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5 Things You Must Think Hard About Before Bringing A Dog Home

Be very sure that you are up for the responsibility.

09/09/2017 9:25 AM IST | Updated 09/09/2017 9:25 AM IST
Mayur Kotlikar

The biggest challenge that my friends who work in animal welfare in India face is re-homing abandoned pet dogs. As there are no stringent rules for banning unethical backyard breeding or abandoning a pet in India, hundreds of pet dogs are left on the roads to fend for themselves or are surrendered to animal shelters. From large and rare breeds to our desi dogs, we humans do not discriminate when it comes to abandoning dogs. It is, therefore, important that people are cautioned before they decide on bringing a fur buddy home.

If you are thinking of bringing a dog home, I would request you to consider these five points first.

1. Don't shop, adopt

If you have made up your mind to bring a dog home, please contact the animal welfare organisations in your city. There are already hundreds of dogs waiting in the animal shelters for a loving home. With hundreds of pedigree dogs being abandoned every day for no mistake of theirs, you are also likely to get the specific breed that you are looking for. The animal welfare organisation facilitating the adoption will also give you a genuine advice on which breed will suit your lifestyle.

2. It's a commitment

A dog is not a birthday gift or a wedding present. It's not a toy for your kids. It's not a joker to entertain your guests. It's not a status symbol. A dog is a commitment for the next 10-15 years of your life. It's a relationship that you need to work on. If you have not completely thought it through, please take your time and ask yourself whether you are ready for this commitment or not.

A dog is not a birthday gift or a wedding present. It's not a toy for your kids.... A dog is a commitment for the next 10-15 years.

I recently came across a case where a three-year-old Labrador Retriever was abandoned because, of course, a newly-wed man will not give up on his wife just because she hates dogs. Therefore, when you have made up your mind, also ask your family if they are ready for this commitment. It takes a dedicated and accepting family to raise a happy and healthy dog.

3. It requires patience

If you are bringing a puppy home, you are going to have sleepless nights. Puppies need time to adjust to their new surroundings, get used to their pee-and-poo routine, and understand what you expect from them. Don't expect a puppy or even an adult dog to simply walk into your house and know where the bathroom is! You will have to teach them what's expected of them without yelling at them. You can also consult a canine behaviourist if you have no experience with dogs.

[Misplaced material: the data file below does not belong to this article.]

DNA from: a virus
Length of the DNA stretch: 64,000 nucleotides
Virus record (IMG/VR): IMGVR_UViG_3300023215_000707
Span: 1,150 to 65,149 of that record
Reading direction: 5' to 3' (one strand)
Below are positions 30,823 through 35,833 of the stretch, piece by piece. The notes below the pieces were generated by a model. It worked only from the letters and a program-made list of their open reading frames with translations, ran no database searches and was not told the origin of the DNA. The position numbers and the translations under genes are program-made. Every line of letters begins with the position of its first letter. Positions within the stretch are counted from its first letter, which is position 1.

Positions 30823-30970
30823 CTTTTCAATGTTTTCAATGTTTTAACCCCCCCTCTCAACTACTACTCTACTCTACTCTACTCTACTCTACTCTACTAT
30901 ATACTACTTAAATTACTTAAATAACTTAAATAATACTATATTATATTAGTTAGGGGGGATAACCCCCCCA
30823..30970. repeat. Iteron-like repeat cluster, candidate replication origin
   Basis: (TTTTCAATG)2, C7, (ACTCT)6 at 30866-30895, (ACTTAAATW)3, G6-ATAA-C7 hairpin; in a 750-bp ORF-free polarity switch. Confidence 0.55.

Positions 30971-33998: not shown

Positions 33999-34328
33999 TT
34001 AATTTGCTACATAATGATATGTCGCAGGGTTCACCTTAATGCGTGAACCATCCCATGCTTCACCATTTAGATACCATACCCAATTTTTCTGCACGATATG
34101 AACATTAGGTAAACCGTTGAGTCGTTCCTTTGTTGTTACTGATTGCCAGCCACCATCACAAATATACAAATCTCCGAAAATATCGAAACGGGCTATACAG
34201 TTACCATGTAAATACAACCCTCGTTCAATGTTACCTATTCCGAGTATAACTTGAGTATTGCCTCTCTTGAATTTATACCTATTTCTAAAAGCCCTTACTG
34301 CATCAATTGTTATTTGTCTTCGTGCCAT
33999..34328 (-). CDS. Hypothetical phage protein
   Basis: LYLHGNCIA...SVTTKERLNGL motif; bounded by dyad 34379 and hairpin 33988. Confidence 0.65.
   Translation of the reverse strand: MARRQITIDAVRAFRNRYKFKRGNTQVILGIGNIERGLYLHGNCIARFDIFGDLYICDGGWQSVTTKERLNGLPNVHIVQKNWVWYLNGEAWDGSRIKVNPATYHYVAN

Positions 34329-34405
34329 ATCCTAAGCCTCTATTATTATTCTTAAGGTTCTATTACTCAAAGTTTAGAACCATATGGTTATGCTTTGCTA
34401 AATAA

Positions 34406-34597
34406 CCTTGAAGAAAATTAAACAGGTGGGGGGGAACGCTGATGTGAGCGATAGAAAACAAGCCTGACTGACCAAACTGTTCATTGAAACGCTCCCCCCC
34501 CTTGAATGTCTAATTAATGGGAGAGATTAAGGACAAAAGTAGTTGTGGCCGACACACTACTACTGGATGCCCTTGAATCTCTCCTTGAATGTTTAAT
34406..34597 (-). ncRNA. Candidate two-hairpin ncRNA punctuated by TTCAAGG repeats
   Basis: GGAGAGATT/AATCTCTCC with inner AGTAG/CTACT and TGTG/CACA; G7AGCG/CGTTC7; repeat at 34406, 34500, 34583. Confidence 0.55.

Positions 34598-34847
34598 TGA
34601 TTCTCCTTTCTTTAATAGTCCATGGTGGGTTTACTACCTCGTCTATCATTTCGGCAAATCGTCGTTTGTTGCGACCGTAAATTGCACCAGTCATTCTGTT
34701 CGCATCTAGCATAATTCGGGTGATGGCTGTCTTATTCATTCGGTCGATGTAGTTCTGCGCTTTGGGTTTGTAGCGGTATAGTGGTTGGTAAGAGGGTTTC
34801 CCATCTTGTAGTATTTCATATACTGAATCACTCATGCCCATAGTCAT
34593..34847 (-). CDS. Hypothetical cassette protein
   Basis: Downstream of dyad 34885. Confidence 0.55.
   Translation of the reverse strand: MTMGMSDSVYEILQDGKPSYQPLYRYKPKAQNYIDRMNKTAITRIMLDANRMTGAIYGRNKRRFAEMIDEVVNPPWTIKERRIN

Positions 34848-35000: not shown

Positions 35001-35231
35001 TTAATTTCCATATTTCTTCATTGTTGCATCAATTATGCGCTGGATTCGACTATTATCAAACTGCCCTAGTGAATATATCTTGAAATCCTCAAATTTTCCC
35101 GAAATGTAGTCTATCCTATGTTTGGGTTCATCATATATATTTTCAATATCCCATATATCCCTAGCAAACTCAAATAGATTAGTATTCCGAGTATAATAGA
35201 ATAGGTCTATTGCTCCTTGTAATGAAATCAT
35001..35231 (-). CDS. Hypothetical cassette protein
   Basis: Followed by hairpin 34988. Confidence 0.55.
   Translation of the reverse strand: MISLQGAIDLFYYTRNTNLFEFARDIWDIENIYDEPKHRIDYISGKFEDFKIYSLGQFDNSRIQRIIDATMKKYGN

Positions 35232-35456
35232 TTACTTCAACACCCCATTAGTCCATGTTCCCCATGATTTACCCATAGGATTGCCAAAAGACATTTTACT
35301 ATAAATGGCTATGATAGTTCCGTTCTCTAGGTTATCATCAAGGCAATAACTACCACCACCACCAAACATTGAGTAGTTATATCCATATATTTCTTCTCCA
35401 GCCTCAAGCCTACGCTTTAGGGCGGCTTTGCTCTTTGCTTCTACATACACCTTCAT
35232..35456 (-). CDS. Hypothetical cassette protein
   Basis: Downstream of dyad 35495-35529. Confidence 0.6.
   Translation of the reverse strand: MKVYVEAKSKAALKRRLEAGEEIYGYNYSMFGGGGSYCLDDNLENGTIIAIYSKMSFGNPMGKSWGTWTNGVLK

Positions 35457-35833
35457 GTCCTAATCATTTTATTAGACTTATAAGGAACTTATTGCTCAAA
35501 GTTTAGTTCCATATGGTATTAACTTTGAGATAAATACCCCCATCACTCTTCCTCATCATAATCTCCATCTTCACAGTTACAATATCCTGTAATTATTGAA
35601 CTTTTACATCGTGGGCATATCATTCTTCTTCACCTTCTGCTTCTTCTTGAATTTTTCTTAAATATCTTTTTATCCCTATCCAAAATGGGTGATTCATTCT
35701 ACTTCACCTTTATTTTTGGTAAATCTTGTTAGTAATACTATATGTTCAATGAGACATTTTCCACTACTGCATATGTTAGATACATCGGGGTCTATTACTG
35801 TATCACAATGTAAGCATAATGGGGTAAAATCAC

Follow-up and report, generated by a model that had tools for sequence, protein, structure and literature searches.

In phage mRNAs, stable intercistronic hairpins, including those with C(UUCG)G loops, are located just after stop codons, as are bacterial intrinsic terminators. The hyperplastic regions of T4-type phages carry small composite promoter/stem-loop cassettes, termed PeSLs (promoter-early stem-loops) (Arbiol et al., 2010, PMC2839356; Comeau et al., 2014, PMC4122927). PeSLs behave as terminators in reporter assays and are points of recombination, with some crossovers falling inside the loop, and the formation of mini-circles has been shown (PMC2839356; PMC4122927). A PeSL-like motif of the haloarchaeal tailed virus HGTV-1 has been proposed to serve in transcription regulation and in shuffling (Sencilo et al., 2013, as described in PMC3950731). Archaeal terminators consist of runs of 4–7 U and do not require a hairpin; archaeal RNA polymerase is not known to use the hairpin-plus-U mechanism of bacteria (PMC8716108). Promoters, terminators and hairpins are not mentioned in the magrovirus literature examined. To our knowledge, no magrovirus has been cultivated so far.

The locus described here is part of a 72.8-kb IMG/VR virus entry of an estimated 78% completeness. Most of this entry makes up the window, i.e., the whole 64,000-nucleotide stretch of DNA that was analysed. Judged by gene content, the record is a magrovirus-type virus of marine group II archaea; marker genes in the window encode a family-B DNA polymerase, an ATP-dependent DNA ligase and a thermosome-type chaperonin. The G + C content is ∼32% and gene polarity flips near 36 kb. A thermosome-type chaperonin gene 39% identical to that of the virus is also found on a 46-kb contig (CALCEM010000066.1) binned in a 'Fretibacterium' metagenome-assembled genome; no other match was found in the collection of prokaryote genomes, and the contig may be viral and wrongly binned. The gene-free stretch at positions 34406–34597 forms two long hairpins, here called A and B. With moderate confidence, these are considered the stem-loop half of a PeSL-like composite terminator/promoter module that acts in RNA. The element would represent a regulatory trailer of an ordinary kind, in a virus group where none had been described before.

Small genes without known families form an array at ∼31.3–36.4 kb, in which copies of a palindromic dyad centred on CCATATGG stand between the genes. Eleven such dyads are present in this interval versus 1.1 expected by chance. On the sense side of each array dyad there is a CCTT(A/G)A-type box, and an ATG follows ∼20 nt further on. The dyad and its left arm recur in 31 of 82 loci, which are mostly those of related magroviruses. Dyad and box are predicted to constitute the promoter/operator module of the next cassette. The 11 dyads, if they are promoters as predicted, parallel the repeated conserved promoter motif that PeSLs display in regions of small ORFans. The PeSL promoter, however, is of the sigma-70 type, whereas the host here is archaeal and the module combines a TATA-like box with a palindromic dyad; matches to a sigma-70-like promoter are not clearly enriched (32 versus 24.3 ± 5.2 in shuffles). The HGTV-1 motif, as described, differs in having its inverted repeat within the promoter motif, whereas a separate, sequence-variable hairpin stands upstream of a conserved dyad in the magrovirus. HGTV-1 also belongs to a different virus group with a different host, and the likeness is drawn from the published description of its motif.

4. A dog needs non-vegetarian food

Being a vegetarian myself, I thoroughly respect your reasons—moral or religious— for not eating meat. But I also must caution you that a dog will not survive on a diet of curd, rice, and vegetables. A dog needs a healthy intake of non-vegetarian food. If you cannot cook non-vegetarian food at home, a regular supply of boiled eggs and chicken from a local vendor would work out fine. In metro cities like Delhi and Bangalore, there are many options to get healthy canine food delivered at your doorsteps daily.

5. There will be a considerable monetary investment

Your dog, like a human in your family, will need medical care. Spaying/neutering, vaccinations, de-worming tablets, health supplements, and consultations with a vet—everything will come at a cost. If you are not sure about how your finances are going to be in the near future, please wait until you are sure that you can provide for your dog's basic necessities without a second thought.

If you are a student dependent on pocket money or someone who loves dogs but is not ready to make a long-term commitment, it would be great if you can volunteer for local animal welfare organizations in your free time and wait for the right time to bring a dog home.

PS: I am not an animal-welfare activist. I am a pet parent who tries to facilitate adoptions and care for a few homeless dogs in my very limited capacity.

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